Procatopus aberrans Ahl 1927

Procatopus gracilis (now aberrans).
Photo: Courtesy of Ed Pürzl

Meaning of Name

From Kadlec (BKA K/N 272) Pro = front, cato = hold, pous = foot.
aberrans is derived from aberratio = deviation, divergence.

First Description



6 cm. Females can be 2 cm smaller.


D = 7-8, A = 15-16, ll = 30 (from type specimens ?).


n = 25





  • Procatopus gracilis Clausen 1959 (This form was seperated by a light area in the caudal fin which was missing. Later cross breeding data proved this naming to be invalid).
  • Procatopus andreaseni Clausen 1959
  • Procatopus nigromarginatus Clausen 1959
  • Procatopus plumosus Clausen 1959
  • Procatopus roseipinnis Clausen 1959
  • Adoro
  • Kumbe
  • Nigeria
  • Osse River
  • DKG Red

Male collected in the Niger Delta.
Photo courtesy of Ed Pürzl.

- Collected in June/July 1977 by Fred Wright, Road Roberts et al near the village of Adoro in the Anambra drainage, Northern Nigeria. This biotope was a strongly flowing turbid stream in primeval forest which only received light in areas where the road crossed it.
At 13.45 hrs water temperature 79°F pH 6·3, DH 2, water depth 1 - 4 feet was recorded. Few aquatic plants were present, the stream flowing over laterite & clay with a heavy covering of rotting vegetation.
This was the only sp. of killifish found. Other sp. included were Characin & Cichlid.
Another stream close by had a stony base with a swift flow. This was 30 feet across in parts & 4 feet deep.
Type Locality

Four specimens were collected at Ossiding near Eyomojok. These were deposited in the Zoological Museum of the Humboldt University in Berlin.




Found in rainforest streams near savannah areas. Also found in savannah areas of Nigeria & Cameroon.

Distinguishing Characteristics 
Colour/Pattern Variability 


Breeding Notes

A breeding report appeared in BKA newsletter No. 154, June 1978 by P.Goris who used water with a neutral pH & no harder than DH 10. Eggs were laid in fissures near the water surface, cork, bark, stones etc. The female was observed to eject the eggs with such violence that they would attach themselves to bark above the water surface. Finding eggs in wet bark was considered very difficult & the bark was dried off for 10 minutes prior to collection.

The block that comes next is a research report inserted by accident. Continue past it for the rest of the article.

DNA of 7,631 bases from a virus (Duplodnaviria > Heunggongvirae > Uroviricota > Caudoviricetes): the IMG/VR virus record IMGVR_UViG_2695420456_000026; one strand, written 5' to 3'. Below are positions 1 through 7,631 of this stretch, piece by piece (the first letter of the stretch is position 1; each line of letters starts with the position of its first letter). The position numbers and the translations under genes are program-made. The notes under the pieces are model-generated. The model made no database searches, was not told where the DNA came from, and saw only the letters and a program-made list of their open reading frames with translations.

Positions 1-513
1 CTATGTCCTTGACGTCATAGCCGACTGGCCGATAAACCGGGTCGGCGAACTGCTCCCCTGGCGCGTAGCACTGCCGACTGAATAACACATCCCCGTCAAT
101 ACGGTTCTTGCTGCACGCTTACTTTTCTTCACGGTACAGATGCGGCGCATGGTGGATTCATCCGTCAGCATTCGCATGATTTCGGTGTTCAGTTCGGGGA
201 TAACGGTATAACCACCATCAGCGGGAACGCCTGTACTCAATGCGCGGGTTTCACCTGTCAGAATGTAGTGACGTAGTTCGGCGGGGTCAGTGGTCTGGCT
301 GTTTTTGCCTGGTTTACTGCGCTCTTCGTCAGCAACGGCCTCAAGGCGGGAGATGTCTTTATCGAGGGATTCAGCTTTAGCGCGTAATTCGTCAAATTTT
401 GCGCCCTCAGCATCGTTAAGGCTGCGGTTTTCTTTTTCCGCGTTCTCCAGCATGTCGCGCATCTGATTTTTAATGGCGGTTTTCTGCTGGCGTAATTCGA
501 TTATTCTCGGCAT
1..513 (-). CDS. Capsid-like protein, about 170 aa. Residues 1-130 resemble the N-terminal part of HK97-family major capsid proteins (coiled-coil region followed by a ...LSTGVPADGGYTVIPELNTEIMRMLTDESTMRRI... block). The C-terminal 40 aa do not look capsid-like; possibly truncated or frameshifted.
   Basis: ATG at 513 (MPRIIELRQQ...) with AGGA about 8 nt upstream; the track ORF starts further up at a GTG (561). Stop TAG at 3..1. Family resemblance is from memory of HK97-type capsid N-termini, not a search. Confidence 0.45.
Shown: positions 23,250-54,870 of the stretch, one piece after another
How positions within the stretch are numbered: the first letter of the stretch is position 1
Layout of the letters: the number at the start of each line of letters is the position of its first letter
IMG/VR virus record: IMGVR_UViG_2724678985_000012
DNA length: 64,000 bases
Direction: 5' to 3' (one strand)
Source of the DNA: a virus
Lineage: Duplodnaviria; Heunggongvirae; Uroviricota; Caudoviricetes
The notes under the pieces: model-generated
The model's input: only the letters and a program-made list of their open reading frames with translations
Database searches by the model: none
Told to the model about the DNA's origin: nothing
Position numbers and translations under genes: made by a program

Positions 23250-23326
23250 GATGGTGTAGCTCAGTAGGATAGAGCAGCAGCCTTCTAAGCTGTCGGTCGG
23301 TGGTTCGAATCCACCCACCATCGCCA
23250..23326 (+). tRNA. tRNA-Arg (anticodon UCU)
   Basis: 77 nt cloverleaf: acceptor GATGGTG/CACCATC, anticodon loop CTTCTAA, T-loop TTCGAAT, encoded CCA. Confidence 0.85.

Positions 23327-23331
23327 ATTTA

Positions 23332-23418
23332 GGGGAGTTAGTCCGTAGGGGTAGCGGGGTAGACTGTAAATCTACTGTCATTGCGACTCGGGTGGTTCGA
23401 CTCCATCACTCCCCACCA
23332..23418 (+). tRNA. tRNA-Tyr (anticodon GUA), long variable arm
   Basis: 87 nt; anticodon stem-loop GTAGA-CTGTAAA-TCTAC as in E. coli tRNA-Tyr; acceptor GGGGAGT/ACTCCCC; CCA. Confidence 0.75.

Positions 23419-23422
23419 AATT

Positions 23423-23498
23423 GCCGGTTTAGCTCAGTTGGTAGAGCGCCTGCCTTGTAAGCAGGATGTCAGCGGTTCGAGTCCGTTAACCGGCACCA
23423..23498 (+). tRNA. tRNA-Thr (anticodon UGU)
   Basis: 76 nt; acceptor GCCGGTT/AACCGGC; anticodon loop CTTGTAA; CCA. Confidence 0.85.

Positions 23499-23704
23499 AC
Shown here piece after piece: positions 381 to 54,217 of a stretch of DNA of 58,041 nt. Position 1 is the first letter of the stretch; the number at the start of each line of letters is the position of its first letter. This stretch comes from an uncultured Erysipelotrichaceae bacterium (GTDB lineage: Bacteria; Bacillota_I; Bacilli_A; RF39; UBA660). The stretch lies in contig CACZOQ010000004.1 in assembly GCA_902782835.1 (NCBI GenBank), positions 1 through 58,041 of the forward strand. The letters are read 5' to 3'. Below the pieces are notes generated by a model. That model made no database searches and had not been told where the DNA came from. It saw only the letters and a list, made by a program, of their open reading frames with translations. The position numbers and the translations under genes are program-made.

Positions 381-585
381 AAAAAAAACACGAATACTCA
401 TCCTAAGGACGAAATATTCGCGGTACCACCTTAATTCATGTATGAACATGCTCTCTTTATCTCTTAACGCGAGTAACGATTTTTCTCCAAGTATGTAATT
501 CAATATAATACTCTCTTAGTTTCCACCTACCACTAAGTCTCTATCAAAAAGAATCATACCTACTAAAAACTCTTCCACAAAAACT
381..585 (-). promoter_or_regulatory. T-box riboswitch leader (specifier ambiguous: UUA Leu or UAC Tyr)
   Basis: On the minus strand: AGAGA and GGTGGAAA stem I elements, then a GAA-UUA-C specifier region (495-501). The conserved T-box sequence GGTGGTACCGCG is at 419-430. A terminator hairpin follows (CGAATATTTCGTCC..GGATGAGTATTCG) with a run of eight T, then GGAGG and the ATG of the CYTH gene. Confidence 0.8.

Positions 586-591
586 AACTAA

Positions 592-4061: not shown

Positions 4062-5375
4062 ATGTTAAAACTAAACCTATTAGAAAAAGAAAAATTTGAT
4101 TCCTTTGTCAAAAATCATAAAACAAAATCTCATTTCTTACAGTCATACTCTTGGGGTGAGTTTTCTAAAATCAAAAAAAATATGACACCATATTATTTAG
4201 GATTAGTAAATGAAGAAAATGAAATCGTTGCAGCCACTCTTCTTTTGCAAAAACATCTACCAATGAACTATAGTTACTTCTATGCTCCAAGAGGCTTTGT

Eggs were incubated in a solution of Typaflavine at 24°C. Fry hatched in 15 days, with the first food being micro-eels followed by newly hatched brine shrimp a few days later. Fry are slow growers reaching maturity after about 12 months.
It was observed that placing young fish in fresh water should be avoided as they are very sensitive to sudden changes in water.

Jaroslav Kadlec in BKA K/N No. 272 (April 1988) reported water quality for breeding not too critical with a temperature range from 20-26°C, 8-13DH, pH 5·8-6·8. Nitrite & Nitrate levels should be kept low.
Females will produce 10-20 eggs per week.
At 20°C eggs will water incubate for about 20 days. At 25°C the incubation time is cut to 12 days.
Fry were observed to always hatch at night. It was observed that a number of eyed up eggs failed to break through the shell. Fry on hatching measured 0·6-2mm. They were transparent & ate on the first day infusoria & Cyclops nauplii.
At one month only 12mm growth size was attained. After 3-4 months only 20mm was measured. It was not until the young were 9 months of age than the blue sheen to males emerged. First breeding attempts were observed at 12 months of age.

Jacqueline Cammidge wrote an article in BKA newsletter No.375, December 1996. Breeding tank was a 12 x 8 x 8" filled to 4" of water. Water temperature 78°F, pH 7·4, GH 25. A sponge filter was added to stimulate flow rate plus a floating mop. The mop was inspected after 3 days & 32 eggs were found which were pushed into small crevices. Eggs were found near the surface in the mop & cork. A sponge was tried to see if they laid in this but they preferred the mop.
After 18 days the eggs hatched & were fed micro worm. After 14 days they were fed newly hatched brine shrimp.

Diameter of Egg 

Full size is attained at 14-18 months of age. Reports suggest they are long lived, reaching 4 years of age.